Some potential usages of mogilefs

Brad Fitzpatrick brad at
Mon May 21 15:08:41 UTC 2007


I often wonder if you ever try anything, or just ask questions on the
mailing list, but I'll continue to humor you with answers.

Lighttpd involves:

   -- getting request for /foo/img.jpg and returning it

MogileFS involves

   -- getting request for /foo/img.jpg,
   -- asking mogilefsd where /foo/img.jpg is, which;
      -- finds out that /foo/img.jpg is currently fid #123
      -- returns that fid #123 is on device 5 and device 7,
         returning both URLs
   -- proxying the request for /foo/img.jpg to

Which looks like more overhead to you?

Where MogileFS wins is that you spread out your storage, and things are
constantly replicated/safe if a single machine or host dies.

That said, there's a lot you can do to make the above steps fast/cached.
If you use Perlbal as your front-end load balancer, the part of your app
that looks up /foo/img.jpg -> FIDs(5,7) can, when returning the list of
FID URLs to Perlbal, instruct Perlbal to remember that mapping for 'n'
seconds, so when the next /foo/img.jpg request comes in, probably in under
a second on popular sites, all those steps are skipped and the request
goes right to the mogile storage node (which can be RUNNING lighttpd

So MogileFS can be fast, but it's always going to have at least that one
more step, sometimes two, so don't expect lighttpd speeds.  We care about
scalability and uptime around here, not raw speed on a single node with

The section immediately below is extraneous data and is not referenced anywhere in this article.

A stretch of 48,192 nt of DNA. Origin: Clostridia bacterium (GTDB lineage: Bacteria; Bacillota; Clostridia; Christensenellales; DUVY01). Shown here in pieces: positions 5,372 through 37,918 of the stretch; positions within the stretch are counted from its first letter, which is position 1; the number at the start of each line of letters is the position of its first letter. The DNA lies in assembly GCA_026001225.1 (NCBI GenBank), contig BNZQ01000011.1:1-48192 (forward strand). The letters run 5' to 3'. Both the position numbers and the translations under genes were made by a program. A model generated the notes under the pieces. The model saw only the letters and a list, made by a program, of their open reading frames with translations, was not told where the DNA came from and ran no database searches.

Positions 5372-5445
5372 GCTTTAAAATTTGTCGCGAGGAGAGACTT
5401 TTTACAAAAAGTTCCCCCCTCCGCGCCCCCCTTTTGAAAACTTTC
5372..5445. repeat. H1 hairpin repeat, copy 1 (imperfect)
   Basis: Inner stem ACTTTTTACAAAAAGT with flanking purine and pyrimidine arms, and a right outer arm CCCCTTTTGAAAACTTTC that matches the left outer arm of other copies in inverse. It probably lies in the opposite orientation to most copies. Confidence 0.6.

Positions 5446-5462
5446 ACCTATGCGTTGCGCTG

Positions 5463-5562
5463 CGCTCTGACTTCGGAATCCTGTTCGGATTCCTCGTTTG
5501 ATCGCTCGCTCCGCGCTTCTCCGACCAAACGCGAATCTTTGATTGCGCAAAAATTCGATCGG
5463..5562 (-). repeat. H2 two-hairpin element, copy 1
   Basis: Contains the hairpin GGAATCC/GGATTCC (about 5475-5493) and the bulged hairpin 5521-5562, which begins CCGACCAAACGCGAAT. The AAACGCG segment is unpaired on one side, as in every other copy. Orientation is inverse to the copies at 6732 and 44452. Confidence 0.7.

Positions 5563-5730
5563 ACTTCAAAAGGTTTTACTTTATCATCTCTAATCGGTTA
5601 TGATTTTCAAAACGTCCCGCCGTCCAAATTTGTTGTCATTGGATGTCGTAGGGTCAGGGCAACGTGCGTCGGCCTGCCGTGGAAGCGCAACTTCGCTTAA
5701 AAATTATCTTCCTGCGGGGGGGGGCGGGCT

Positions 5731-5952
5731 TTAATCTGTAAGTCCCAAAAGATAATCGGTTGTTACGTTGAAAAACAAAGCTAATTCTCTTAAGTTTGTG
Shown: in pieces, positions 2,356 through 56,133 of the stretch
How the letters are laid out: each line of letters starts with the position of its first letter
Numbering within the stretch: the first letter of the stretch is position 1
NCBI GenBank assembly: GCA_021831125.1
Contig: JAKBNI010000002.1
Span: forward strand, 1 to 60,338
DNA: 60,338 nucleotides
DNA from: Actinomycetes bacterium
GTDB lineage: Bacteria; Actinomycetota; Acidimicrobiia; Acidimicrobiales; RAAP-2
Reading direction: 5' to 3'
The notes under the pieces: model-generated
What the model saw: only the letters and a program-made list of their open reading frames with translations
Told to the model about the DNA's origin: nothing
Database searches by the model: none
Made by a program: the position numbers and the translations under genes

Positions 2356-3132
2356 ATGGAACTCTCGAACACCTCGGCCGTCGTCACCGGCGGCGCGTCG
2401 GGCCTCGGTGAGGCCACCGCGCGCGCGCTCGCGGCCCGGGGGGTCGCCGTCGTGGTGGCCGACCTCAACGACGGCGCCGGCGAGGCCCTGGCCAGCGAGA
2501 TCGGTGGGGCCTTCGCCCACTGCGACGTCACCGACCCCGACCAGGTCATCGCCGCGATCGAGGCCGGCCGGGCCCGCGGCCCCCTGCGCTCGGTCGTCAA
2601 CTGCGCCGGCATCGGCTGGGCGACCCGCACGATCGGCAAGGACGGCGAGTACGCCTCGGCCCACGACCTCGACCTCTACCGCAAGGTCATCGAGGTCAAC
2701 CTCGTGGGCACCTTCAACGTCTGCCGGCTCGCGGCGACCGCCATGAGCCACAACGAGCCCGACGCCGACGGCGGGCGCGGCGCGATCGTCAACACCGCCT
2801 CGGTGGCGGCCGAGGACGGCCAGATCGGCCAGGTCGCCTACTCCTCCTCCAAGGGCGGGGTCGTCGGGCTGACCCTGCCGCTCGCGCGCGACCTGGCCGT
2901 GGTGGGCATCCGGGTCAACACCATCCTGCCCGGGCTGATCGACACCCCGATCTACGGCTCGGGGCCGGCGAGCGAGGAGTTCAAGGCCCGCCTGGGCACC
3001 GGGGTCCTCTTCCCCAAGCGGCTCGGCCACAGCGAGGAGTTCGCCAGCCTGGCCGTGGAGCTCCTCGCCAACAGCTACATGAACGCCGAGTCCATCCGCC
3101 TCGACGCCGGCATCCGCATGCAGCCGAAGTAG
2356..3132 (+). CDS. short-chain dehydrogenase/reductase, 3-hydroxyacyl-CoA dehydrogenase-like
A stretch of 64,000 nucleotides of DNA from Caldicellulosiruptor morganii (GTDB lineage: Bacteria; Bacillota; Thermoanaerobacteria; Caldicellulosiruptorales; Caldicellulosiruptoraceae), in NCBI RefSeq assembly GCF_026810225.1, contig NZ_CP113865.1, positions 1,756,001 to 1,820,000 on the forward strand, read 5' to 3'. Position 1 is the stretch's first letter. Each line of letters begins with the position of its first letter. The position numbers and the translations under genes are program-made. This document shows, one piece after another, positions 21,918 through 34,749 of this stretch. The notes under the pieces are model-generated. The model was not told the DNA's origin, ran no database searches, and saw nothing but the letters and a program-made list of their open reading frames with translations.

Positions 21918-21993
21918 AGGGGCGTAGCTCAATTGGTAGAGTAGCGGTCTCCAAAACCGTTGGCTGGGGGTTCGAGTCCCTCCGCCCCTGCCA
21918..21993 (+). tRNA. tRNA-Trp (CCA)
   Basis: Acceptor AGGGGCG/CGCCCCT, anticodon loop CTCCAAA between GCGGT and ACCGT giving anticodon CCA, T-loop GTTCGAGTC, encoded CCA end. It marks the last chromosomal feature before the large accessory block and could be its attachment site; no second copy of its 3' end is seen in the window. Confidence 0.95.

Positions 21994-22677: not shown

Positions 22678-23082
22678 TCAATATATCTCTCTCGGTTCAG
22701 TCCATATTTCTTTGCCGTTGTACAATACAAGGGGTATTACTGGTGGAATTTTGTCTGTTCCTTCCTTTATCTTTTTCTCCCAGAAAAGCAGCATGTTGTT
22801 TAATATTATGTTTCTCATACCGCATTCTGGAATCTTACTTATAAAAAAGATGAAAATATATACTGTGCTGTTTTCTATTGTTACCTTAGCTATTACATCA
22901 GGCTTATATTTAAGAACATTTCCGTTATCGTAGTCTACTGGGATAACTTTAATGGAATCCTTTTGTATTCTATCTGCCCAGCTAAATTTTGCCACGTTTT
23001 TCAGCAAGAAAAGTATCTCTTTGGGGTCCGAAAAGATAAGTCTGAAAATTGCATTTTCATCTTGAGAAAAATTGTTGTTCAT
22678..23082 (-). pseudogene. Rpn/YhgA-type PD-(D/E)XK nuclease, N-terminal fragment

ideal conditions.

Use MogileFS for the right reasons.

- Brad

On Mon, 21 May 2007, howard chen wrote:

> Hello,
> 1. Do you think mogilefs for serving large amount of static files,
> rarely changed, e.g. images, javascript, css etc.
> Somethings similar to Yahoo's yimg (but not yahoofs).
> Currently we are using load balancer + rsync, which suite our need if
> the scale is small, but in the future, if you have large amount for
> files, rsync will become the bottleneck
> 2. Are there any performance metrics available? such as max. of
> storage volume in real world setup, number of requests/response per
> seconds on a modern server...I know it is difficult to compare as
> people always has different setup, but I would like to know more abt
> the general overhead, e.g. serving 1MB JPEG file from lighty (1.5,
> async) vs mogilefs
> Thanks for any inputs...
> Howard

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